Every day, shortly after midnight UTC, all quotas with less than 1,000,000 bits receive a free top-up of 200,000 bits. If the server has spare capacity, you may get an additional free top-up earlier, but you should not count on it. If you need extra bits urgently (or require many bits) you can purchase once-off top-ups from the Quota Page.

The Guidelines for Automated Clients specify that you should use the Quota Checker periodically to verify that your client is not issuing requests for random numbers to the RANDOM.ORG server when its quota is exhausted. For most clients, the easiest solution is to interleave the quota checks with the requests for random numbers. If a quota check returns a negative value, your client should back off for at least ten minutes before issuing another quota check. Only when the quota check returns a zero or positive value, should your client resume its requests for random numbers. If you want to build a really well-behaved client, you can implement an exponential backoff algorithm with a maximum delay of 24 hours.

The number of random number requests your client can issue before doing a quota check depends on how many bits each random number requests requires to satisfy. See the FAQ for details about how to estimate this. As a rule of thumb, your client should probably issue a quota check every time it thinks it has used its daily free top-up. This will mean the client can continue issue requests in case things are better than expected (perhaps it has received a free top-up) but that it will back off in case its quota is exhausted.

The Quota Checker only accepts HTTP GET requests, so parameters are passed via encoding in the URL.

Parameters

NamePossible ValuesDescription
ip n.n.n.n The IP address for which you wish to examine the quota. Each value for n should be an integer in the [0,255] interval. This parameter is optional. If you leave it out, it defaults to the IP address of the machine from which you are issuing the request.
format html | plain Determines the return type of the document that the server produces as its response. If html is specified, the server produces a nicely formatted XHTML document (MIME type text/html), which will display well in a browser but which is somewhat cumbersome to parse. If plain is specified, the server produces as minimalistic document of type plain text (MIME type text/plain) document, which is easy to parse. The parameter can be left out in which case it defaults to html. If you are writing an automated client, you probably want to specify plain here.

Success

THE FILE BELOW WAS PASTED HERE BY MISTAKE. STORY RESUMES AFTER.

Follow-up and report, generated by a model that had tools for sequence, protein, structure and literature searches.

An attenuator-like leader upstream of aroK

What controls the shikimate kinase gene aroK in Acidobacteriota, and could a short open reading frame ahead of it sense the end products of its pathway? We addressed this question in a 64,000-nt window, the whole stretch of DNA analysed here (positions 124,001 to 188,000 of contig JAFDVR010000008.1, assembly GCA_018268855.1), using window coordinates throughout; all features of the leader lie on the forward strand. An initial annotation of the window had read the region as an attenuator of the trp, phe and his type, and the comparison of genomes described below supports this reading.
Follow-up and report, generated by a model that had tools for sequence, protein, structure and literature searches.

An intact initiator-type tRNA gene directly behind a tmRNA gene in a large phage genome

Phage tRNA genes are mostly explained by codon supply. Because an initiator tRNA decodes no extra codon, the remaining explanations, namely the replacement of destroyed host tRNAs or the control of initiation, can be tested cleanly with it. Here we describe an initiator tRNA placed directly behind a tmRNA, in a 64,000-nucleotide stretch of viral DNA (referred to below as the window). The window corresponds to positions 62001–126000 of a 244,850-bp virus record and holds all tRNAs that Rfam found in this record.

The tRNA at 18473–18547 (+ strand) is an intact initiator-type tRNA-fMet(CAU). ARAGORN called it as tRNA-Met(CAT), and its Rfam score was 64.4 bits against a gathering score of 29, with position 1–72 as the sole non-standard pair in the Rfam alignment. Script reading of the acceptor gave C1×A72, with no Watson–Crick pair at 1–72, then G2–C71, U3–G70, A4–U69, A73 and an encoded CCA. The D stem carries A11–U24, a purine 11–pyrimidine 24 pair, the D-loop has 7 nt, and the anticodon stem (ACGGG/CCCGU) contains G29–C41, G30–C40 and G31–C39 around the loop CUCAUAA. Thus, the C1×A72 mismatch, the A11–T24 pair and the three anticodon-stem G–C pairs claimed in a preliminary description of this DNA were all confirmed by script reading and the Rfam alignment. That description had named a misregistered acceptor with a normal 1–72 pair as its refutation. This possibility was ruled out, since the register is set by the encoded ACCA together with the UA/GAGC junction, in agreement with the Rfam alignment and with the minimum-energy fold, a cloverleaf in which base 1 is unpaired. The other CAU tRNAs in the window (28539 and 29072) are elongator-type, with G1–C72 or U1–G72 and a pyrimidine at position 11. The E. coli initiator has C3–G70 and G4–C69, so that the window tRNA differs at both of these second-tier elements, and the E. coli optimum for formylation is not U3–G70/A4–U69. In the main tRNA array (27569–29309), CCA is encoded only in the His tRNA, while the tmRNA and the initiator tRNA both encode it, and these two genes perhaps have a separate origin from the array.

If no error occurred, a HTTP status code of 200 (OK) will be returned. The MIME type will be set in accordance with the format parameter that was specified in the request. The body of the response will contain information about the remaining allowance for the IP address in question. If XHTML was requested (via the format parameter), the information will be nested inside several XHTML elements. If plain text was requested, the current quota level will be returned as a single number followed by a single newline.

Errors

If an error occurred, a HTTP status code 503 (Service Unavailable) will be returned. The MIME type will be set in accordance with the format parameter that was specified in the request. The body of the the returned page will contain the string "Error:" followed by a string with further details. If XHTML was requested, this message will appear somewhere in the document inside a <p><p> element. If plain text was requested, it will appear on the first line in the document.

The types of errors can vary. Errors will occur if you specify invalid parameters but can also occur because the server is temporarily overloaded. Reasonable behaviour for a client is to look for the "Error:" string in the page returned by the server and print out the whole line if the string was present. When I get around to it, I will provide a full list of possible errors on this page. In the meantime, feel free to experiment ;-)

You probably want to make sure your client can deal with the full range of HTTP response codes, or at least 200, 301 and 503.

Examples

Issuing a HTTP GET request for the following will return the quota level for the machine issuing the request. We are requesting a plain text document, such that our client can easily parse the number. If you are writing an automated client that downloads numbers or strings from RANDOM.ORG, you can use this type of request to make the client check its quota level. If the value returned is negative, your client should back off as described in the Client Guidelines.

http://www.random.org/quota/?format=plain

The following example examines the quota for the machine whose IP address is 134.226.36.80, which happens to be address of the RANDOM.ORG server. Again, we are requesting a plain text document, so the client can easily parse the value.

http://www.random.org/quota/?ip=134.226.36.80&format=plain